On stage, they were saying things like 49% better low-light performance, which I’m not exactly sure what’s meant by 49%. Is it 49% faster shutter speed or 49% less noise in low light? Unclear! But as I go through the photos I took of both, I got to say there’s still remarkably similar, okay? Again, I was looking for the differences in the amount of noise in the shadows or dynamic range. But I mostly found slight differences in color temperature. Sometimes one might be a little brighter than the other and sometimes it’s really hard to tell them apart, even pixel peeping. I even looked at shutter speeds, which may sometimes reveal that you have a faster shutter speed from the bigger sensor because it’s taking in more light. And while I found that they were nearly the same for every shot, the iPhone 14 was typically maybe five to 10% faster. 

The one thing I did find was that in the absolute darkest shots in the worst conditions, there was sometimes a difference in how much time it would require to get a night mode exposure. For this one, it took three seconds from the 13 but two seconds from the 14, even though the 13 ended up focusing more correctly and had a bit of a sharpness advantage in this shot. Sometimes you just gotta get the shot a little quicker if possible. Then this one from the ultra-wide was a one-second night mode exposure from the 13 but just a regular snap from the 14, so it’s the same hardware! I guess that’s the difference between the Photonic Engine and image processing. Even so, the image is a toss-up, like it’s a little more processing happening on the iPhone 14 side. Maybe a little more sharpening, a slightly different color cast, but that’s it, and then on the video front, it’s even more similar. iPhone 14 does have a feature called Action Mode. 

That’s not coming to the 13s for some reason, even though it feels like a software feature, but it’s a super aggressive stabilization for running around and chasing stuff. And I will say the stabilization part works very well, but the video itself can be quite noisy. Also, it seems like in almost every environment, it’s just asking for more light all the time you get this dialogue box that says more light is required, but it still lets you shoot. After all the footage is super grainy and soft, especially from the ultra-wide that it defaults to.

But also, I’m in an incredibly well-lit studio, and sometimes it would ask for more light even in here. This is better lit than most people’s homes where you’re chasing around a baby or a pet at a hundred miles an hour, let alone sometimes going outside on a cloudy day and it’s asking for more light. That’s crazy! So this may get better over time. As of right now, it shows up less on the iPhone 14 Pro, which makes sense because this one has a larger primary sensor. The stabilization works well. It’s a software feature you might use. And then there is the new selfie camera. It is 12 megapixels and has autofocus for the first time instead of the fixed focal distance from before. You can get sharper shots in some less conventional selfie situations, which is great! It’s not game-changing different. It’s another incremental improvement!

It can still struggle with properly reproducing darker skin tones, which I mentioned in the 14 Pro review. Here’s the same shot from the Pixel 6 Pro, which specifically has their real tone optimization, so you can see what it means. So at the end of the day, what are we left with? A super incremental update in the same body as before and that’s what I wanna talk about that they’ve done a lot more recently. Some might call it the Tim Cook logistics touch. See what’s been the iPhone SE formula for years. I’ve talked about it in those reviews. So the first generation iPhone SE comes out. It’s the body of an old iPhone 5s but with new internals. Then the second generation iPhone SE comes out. It’s the body of an iPhone 8 but with new internals. And then the third generation iPhone SE again that we just got this year again is the body of an iPhone 8 but with even newer internals and there are rumors of the next-gen SE being like the body of an iPhone XR but the new chip and we even saw that with the MacBook Pro this year.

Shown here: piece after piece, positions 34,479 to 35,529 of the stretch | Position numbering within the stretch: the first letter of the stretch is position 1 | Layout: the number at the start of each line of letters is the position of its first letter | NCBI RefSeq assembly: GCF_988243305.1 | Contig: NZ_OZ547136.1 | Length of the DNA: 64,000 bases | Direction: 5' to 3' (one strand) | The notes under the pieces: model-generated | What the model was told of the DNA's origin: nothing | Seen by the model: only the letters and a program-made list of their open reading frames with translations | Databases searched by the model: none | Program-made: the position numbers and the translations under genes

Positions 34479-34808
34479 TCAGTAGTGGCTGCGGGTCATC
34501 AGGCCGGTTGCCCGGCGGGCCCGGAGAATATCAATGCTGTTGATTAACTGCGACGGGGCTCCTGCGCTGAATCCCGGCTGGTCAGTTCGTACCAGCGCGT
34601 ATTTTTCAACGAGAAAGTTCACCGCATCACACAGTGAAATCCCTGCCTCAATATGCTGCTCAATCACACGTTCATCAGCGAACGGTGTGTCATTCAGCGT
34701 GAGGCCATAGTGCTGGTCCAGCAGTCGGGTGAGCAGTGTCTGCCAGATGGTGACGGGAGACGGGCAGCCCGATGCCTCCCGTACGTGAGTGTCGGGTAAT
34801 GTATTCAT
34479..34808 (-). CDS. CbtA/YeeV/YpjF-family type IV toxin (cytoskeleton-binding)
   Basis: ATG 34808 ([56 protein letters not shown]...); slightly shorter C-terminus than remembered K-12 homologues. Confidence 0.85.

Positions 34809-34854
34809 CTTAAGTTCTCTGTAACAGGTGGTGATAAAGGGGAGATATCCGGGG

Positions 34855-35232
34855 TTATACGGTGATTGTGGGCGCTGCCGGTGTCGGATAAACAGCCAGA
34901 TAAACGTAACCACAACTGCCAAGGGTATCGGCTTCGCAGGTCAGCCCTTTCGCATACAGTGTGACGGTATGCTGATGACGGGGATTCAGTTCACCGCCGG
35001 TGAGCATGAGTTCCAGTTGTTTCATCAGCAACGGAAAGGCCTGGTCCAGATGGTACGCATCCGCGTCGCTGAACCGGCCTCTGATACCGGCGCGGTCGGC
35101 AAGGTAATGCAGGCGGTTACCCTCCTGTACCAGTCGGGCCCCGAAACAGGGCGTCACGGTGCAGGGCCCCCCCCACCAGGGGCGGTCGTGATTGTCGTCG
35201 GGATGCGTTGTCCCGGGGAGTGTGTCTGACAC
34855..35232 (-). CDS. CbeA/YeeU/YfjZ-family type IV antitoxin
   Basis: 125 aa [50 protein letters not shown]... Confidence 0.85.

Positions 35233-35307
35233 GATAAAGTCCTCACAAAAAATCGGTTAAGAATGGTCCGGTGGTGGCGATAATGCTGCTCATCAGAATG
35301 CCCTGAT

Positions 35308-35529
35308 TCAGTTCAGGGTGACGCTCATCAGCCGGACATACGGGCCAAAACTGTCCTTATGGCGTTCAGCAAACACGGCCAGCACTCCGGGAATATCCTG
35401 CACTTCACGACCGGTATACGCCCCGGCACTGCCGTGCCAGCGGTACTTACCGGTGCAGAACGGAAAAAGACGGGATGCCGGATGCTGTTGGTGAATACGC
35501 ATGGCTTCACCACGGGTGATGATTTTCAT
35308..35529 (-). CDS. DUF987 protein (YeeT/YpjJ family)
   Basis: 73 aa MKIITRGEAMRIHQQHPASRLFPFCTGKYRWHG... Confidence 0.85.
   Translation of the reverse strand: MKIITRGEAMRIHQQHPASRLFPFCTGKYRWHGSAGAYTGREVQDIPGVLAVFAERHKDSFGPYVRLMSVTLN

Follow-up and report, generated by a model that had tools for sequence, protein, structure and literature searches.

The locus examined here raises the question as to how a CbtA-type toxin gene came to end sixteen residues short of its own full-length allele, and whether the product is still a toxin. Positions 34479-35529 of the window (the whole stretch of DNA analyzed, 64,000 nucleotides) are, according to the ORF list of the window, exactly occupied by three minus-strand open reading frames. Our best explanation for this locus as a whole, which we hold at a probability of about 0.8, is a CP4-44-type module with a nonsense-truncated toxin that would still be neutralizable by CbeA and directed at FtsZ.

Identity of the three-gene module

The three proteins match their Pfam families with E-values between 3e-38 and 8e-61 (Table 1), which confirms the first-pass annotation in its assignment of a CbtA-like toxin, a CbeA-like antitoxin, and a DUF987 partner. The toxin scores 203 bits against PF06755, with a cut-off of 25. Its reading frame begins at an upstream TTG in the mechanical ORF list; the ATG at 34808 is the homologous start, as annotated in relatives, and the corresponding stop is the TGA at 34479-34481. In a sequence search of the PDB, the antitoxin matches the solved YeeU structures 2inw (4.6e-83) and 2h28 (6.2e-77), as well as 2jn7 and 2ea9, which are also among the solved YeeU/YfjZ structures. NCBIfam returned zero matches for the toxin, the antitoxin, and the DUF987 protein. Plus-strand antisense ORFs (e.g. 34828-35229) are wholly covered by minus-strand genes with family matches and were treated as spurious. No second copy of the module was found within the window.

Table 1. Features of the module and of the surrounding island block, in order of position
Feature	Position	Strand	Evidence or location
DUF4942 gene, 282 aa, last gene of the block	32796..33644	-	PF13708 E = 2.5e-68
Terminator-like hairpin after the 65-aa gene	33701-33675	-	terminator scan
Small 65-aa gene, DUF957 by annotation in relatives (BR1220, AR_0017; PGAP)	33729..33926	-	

The 13-inch M2 MacBook Pro is the same body as the 13-inch M1 MacBook Pro just with better internals. Now it’s not exactly some mystery why they do this. There are plenty of reasons behind the scenes why these things are good for Apple. It reduces risk, and it reduces cost because now you don’t have to develop as much new stuff and then prices go down and you can offer something more tried and true that already worked in the past but to an audience that will pay less. Also, it sort of insulates them a little bit from the supply chain challenges of trying to make a bunch of newer stuff. So the innovation, AKA the risk, is saved for the even more expensive phones. You watch that iPhone 14 Pro review and you see the Dynamic Island, which is a thing that’s new to the iPhone.

It’ll evolve. You see the new 48-megapixel camera system, which is new to the iPhone, and you’ll see the always-on display, which again is the first time they’ve done this. This is all just a long-winded way of saying the baseline iPhone with this strategy is just boring and that’s just the way it is. So now, for those who are thinking of buying one of these phones or thinking, oh, okay, I know everything about the phones, I know which one I wanna get. but one last wrench to throw into all of this is that the iPhone 13 is still on sale and it’s 699 from Apple, but you can probably find it even cheaper from other places and I think that would be a fine upgrade for a lot of people. The one extra year of software updates is maybe the only reason I would get a 14 over a 13, but aside from that, you gotta think about how much the new colors or the slightly new camera or satellite connectivity or Crash Detection means to you. And, hey, if efficiency means something to you, then definitely check out this video’s sponsor, Anker, who makes these chargers and cables that I like. 

This is their Nano 3 charger, which uses Gallium Nitride. That’s why it’s 70% smaller than Apple’s 30-watt charger and it’s still powerful enough to juice up an iPhone or an iPad or a MacBook Air if you wanted to. And this 541 cable, which is USBC to Lightning, is the first that I’ve seen that uses bio-based materials in the cable, so sugar cane and corn, but it’s still a high-quality cable that can withstand up to 20,000 bends and it’s more durable than a typical plastic cable and these both come in five colors for your choice to either match your iPhone 14 or mix it up a little bit. Check both of these out at the link below. But that’s been it. Thanks for watching. Let me know what you think of Apple’s, this repackaging regifting strategy that they’ve sort of leaned into more later. Either way, it’s Techtember, a lot more’s comin’ up. I’ll catch you guys at the next one. Peace.

Source: https://youtu.be/v94jRN2FhGo